Government ministers and the royal family have been embarrassed in recent years by covert recordings made by retired police chief Jose Manuel Villarejo, who is now behind bars awaiting trial over decades of alleged dirty work for firms or rich individuals.
The scandal has recently ensnared the leaders of Spain's biggest companies, starting with Francisco Gonzalez, long-time chairman of BBVA, who is accused of hiring Villarejo in 2004 to spy on rivals to halt a takeover bid by construction firm Sacyr.
Gonzalez, who retired late last year and also stepped down as the bank's honorary chairman in March, is one of 10 BBVA officials under investigation as part of the probe.
BBVA, Spain's second-largest bank, is also under formal investigation. Accused of corruption and unlawful disclosure of secrets, Gonzalez testified Monday at a Madrid court as part of the probe, later telling reporters that the bank and its management had always acted with “integrity”.
Iberdrola and ACS
Further covertly-recorded conversations leaked to the press this week have turned the spotlight on Ignacio Galan, chief executive of Spain's top energy firm, Iberdrola.
According to details published Monday in two online newspapers, Galan allegedly used Villarejo's services around 2009 to gather compromising personal information on Real Madrid boss Florentino Perez, who also heads construction giant ACS.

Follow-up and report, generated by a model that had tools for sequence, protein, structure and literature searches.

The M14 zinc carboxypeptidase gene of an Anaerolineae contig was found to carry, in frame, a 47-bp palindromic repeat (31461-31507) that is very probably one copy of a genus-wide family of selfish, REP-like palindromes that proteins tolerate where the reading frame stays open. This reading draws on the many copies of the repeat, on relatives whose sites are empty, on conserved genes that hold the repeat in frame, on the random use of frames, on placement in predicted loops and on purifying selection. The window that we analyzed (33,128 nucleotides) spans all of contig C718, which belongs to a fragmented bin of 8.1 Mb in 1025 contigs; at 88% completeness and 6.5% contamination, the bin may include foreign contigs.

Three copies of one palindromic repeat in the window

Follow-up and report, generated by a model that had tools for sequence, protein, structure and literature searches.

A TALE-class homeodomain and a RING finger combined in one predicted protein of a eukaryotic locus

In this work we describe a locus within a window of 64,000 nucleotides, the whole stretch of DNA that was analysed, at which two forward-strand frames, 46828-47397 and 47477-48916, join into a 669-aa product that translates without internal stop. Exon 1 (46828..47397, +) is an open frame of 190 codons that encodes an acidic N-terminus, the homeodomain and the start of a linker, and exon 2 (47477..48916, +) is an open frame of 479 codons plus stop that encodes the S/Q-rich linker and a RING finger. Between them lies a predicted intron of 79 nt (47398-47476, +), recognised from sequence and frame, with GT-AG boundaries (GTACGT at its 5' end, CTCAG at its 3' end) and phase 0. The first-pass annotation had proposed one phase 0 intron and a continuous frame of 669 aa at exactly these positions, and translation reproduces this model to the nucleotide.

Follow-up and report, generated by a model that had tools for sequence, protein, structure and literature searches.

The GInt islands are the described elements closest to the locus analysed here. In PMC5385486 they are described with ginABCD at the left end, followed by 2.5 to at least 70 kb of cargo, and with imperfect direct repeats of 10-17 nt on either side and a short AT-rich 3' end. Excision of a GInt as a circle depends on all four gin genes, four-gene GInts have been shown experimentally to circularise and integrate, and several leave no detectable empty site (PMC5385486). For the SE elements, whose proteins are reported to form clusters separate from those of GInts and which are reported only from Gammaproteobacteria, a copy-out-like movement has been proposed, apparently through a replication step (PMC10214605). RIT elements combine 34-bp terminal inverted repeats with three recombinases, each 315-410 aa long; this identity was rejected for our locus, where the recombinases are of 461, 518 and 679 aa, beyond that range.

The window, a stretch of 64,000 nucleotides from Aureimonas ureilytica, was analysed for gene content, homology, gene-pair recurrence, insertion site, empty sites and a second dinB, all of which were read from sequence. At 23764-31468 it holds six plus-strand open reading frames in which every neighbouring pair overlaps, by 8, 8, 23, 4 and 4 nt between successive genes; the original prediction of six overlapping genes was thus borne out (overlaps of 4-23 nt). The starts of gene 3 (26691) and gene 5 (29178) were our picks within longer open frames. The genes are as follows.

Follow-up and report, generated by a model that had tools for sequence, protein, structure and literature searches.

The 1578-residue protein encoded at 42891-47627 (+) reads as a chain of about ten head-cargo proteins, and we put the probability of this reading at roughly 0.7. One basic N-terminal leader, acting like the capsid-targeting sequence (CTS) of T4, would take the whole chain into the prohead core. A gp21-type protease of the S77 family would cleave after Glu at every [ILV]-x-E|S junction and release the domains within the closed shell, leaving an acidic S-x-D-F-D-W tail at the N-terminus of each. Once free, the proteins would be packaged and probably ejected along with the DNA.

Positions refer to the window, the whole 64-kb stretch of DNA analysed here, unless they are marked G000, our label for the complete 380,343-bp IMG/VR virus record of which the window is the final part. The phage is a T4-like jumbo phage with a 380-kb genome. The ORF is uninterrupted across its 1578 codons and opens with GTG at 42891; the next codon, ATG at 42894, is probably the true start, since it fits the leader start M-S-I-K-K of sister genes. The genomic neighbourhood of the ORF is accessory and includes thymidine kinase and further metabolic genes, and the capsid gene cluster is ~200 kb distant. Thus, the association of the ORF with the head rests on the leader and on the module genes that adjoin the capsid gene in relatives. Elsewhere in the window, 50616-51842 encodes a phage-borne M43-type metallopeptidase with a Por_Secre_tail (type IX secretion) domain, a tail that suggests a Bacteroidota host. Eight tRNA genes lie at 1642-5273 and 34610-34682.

The suspected aim was to stop ACS from mounting a hostile takeover of Iberdrola.
Perez immediately vowed to take legal action against those responsible for the alleged spying, including the “president of Iberdrola and members of his entourage”.
At the same time, ACS said board member Manuel Delgado had resigned. The firm did not say why but one of the leaked recordings included a compromising conversation, allegedly between Delgado and Villarejo.
Following an internal inquiry, Iberdrola in October acknowledged that between 2004 and 2017, it had on 17 different occasions used the services of Cenyt, a business company run by Villarejo that in theory carried out market studies.
Last month, Iberdrola opened a new internal probe following fresh media revelations.
“The scope of Villarejo's spying, which touched as much on the business world as on politics.. leaves a bitter taste,” even if it is “not a huge surprise,” the Cinco Dias business daily wrote Tuesday.
An unassuming spy
Villarejo, 68, joined the police in 1973, two years before the death of Spain's longtime dictator General Francisco Franco.
For decades, the stocky, bespectacled man with a penchant for flat caps secretly used recorders in his informal chats with politicians, judges, business people, police officers and prosecutors. He allegedly earned considerable money by threatening or blackmailing people.
Under the government of former conservative premier Mariano Rajoy (2011-2018), information obtained by Villarejo is believed to have been used against political rivals.
Even Spain's former King Juan Carlos I has not been spared.
In a recording allegedly made by Villarejo and leaked in 2018, the monarch's former mistress Corinna zu Sayn-Wittgenstein claimed he had pocketed money from a high-speed train contract with Saudi Arabia.
In a statement published in August, Villarejo threatened to make further revelations about Spain's big firms.